Wednesday, April 11, 2007

The Economic Logic of Illegal Immigration

So goes the title of a report to the Council on Foreign Relations by UCSD Professor of Economics Gordon Hanson. From the Introduction, here's a teaser:

This analysis concludes that there is little evidence that legal immigration is economically preferable to illegal immigration. In fact, illegal immigration responds to market forces in ways that legal immigration does not. Illegal immigrants tend to arrive in larger numbers when the U.S. economy is booming (relative to Mexico and the Central American countries that are the source of most illegal immigration to the United States) and move to regions where job growth is strong. Legal immigration, in contrast, is subject to arbitrary selection criteria and bureaucratic delays, which tend to disassociate legal inflows from U.S. labor-market conditions. Over the last half-century, there appears to be little or no response of legal immigration to the U.S. unemployment rate. Two-thirds of legal permanent immigrants are admitted on the basis of having relatives in the United States. Only by chance will the skills of these individuals match those most in demand by U.S. industries. While the majority of temporary legal immigrants come to the country at the invitation of a U.S. employer, the process of obtaining a visa is often arduous and slow. Once here, temporary legal workers cannot easily move between jobs, limiting their benefit to the U.S. economy.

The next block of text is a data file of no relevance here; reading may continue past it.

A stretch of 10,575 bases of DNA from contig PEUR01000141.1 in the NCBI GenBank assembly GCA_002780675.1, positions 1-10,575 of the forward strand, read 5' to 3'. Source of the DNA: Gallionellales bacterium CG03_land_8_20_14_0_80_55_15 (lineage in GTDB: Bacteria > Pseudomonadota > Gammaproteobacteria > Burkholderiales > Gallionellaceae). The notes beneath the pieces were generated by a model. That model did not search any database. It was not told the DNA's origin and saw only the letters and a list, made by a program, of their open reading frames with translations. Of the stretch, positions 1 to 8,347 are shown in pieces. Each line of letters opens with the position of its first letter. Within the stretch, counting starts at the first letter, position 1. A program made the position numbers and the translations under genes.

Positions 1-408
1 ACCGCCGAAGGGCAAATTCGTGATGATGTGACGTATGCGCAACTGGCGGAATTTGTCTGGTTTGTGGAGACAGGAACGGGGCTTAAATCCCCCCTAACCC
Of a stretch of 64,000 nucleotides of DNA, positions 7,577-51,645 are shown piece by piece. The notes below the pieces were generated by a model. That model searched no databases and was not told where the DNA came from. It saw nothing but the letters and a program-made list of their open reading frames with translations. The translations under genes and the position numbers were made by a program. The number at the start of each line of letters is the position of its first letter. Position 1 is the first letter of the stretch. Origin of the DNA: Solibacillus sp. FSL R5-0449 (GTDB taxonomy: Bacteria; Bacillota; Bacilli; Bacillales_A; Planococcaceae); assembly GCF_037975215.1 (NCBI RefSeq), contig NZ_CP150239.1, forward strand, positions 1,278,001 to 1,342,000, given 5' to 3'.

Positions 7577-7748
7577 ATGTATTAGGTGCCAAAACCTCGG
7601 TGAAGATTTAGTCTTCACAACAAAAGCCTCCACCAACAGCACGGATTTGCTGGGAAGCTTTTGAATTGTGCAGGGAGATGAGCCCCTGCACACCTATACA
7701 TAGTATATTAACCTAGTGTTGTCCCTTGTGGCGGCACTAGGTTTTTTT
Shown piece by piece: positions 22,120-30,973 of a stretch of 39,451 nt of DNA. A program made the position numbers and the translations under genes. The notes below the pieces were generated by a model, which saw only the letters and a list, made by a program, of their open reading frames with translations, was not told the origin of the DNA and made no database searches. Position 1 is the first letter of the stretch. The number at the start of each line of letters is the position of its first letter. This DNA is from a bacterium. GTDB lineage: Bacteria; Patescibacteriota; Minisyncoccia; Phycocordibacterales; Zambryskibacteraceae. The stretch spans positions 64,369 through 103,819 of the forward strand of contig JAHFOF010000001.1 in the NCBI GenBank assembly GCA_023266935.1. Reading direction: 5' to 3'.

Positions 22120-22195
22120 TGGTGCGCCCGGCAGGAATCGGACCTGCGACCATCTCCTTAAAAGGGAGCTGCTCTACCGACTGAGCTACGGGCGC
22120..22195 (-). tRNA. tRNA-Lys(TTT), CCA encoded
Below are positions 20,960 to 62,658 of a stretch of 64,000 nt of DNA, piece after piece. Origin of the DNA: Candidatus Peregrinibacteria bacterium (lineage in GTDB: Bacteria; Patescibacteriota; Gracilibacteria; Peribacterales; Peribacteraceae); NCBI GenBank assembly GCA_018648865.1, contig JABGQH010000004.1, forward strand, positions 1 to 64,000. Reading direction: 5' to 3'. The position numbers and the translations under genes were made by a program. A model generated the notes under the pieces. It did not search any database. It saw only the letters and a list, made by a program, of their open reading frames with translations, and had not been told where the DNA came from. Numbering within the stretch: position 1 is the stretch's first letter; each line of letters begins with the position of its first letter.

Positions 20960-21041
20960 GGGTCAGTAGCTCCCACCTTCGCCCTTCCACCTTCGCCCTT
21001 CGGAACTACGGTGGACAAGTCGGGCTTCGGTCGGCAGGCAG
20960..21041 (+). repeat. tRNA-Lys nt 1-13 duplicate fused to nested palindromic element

I'll have to add this one to the "good intentions" pile of reading.

6 comments:

loogel said...

That says a lot about how bad our immigration policy is. If legal immigration doesn't respond to market forces, then immigration policy is failing in one of it's important roles.

Jeong said...

Does Vox Baby mean "voice of the baby." What made you get the name? Just wondering

A Red Mind in a Blue State said...

I don't think you can look at legal immigration over the last 50 years without recognizing two important facts-- the Cold War, and the unimpeded illegal immigration surge. During the Cold War, many of our "open" spots were eaten up by refugees. During this illegal surge, the sheer numbers pouring over our borders makes the legal numbers, and their allocation to economic necessity, moot. Top it off with liberal interference-- any attempt to tie immigration to needed skills is met with a chorus of "we're turning our backs on the tired, poor, huddled masses". Perhaps what the author should have said is that legal immigration, as practiced, is less preferable economically.

Ari Binger said...

The economic incentives to steal far out wheigh the incentives to buy. Let us make all transactions illegal.

Anonymous said...

The US policy should not change based on economics. what part of illegal do they not understand.
In order to enter the USA... there should be no job taken away from a unemployed person. Taxes should derived from imports...

Anonymous said...

This article, "The tangled web of illegal immigration -- what do we really know?" published in Knowledge@W. P. Carey ( site ), discusses the common myths associated with the different sides on the immigration issue. It is worth reading because it points to faulty evidence on both sides of the issue.